The date notice is received will not be the operative date in every case in which the date of a discriminatory act is at issue. For instance, a decision to deny tenure, such as that made in Delaware State College v. Ricks, 449 U.S. 250, 101 S.Ct. 498, 66 L.Ed.2d 431 (1980), does not require notice to be effective, and occurs at the date it is made, see Chardon v. Fernandez, 454 U.S. 6, 8, 102 S.Ct. 28, 29, 70 L.Ed.2d 6 (1981) (per curiam), not when the applicant is notified of the decision. Of course, as the Supreme Court made clear in Ricks, the statute of limitations does not begin running until notice is given. Ricks, 449 U.S. at 261-62, 101 S.Ct. at 505-06. However, the issue in a case like this one is not the date of the act which triggers the running of the limitations period, but rather, the date on which the allegedly discriminatory act took place. When the alleged discriminatory act is a termination, these dates will probably always coincide. But in the context of other employment decisions that are effective without regard to the receipt of notice, the date of the discriminatory act and the date on which the statute of limitations begins to run will often differ.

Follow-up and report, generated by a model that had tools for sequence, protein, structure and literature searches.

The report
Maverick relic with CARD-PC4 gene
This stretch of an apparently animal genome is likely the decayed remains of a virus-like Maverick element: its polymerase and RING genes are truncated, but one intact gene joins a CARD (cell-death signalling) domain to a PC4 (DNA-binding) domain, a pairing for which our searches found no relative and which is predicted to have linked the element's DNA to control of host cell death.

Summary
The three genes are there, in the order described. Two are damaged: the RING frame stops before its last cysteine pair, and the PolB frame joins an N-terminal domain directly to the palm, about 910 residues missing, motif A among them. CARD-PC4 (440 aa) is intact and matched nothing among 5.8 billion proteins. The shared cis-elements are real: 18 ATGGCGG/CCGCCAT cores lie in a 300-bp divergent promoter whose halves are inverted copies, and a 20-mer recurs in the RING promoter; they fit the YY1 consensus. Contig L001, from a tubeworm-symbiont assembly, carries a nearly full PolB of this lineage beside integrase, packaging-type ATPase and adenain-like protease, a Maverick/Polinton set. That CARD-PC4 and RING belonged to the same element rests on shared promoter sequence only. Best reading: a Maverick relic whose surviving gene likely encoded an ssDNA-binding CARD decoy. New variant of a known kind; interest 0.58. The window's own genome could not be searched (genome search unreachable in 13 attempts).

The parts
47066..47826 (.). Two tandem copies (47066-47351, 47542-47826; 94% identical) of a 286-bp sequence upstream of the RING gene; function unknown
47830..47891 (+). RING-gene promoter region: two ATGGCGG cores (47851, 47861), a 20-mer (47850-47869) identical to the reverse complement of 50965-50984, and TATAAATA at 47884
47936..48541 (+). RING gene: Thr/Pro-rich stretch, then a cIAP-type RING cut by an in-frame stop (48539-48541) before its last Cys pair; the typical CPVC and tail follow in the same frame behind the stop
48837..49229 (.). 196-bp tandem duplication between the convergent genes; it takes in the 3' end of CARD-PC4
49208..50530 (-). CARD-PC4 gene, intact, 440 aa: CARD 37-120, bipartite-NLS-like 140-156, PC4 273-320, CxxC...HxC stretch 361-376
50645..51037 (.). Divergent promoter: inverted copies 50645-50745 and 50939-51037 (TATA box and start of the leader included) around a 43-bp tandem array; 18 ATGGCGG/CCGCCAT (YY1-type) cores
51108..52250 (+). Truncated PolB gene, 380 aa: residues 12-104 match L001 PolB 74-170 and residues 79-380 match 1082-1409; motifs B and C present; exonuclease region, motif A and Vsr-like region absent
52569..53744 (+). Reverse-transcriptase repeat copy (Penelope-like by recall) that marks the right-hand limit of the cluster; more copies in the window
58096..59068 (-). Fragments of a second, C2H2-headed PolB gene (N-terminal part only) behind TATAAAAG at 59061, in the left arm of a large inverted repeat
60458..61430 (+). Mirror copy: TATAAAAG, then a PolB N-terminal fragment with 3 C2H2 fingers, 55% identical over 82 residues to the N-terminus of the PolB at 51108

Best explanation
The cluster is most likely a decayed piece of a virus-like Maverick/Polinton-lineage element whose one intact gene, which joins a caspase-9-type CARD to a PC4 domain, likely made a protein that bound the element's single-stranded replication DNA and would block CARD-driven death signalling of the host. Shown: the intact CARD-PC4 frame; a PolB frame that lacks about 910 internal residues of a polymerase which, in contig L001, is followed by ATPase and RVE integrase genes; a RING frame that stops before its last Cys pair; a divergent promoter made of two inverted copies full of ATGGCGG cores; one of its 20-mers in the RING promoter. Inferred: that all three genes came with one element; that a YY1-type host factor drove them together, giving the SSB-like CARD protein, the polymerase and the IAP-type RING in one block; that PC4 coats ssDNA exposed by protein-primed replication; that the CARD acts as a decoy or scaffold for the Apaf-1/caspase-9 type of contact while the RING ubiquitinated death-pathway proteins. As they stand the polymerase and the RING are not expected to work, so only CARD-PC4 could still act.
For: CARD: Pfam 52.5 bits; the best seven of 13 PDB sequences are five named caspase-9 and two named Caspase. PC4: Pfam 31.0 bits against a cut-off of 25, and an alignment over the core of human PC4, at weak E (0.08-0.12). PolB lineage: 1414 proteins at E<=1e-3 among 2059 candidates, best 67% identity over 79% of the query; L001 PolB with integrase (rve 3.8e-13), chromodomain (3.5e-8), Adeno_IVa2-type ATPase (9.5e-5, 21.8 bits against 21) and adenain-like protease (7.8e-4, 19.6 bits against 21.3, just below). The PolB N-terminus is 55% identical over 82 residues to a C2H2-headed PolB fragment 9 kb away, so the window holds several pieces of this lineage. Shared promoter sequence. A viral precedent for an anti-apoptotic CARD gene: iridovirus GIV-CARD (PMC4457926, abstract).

VAN GRAAFEILAND, Circuit Judge: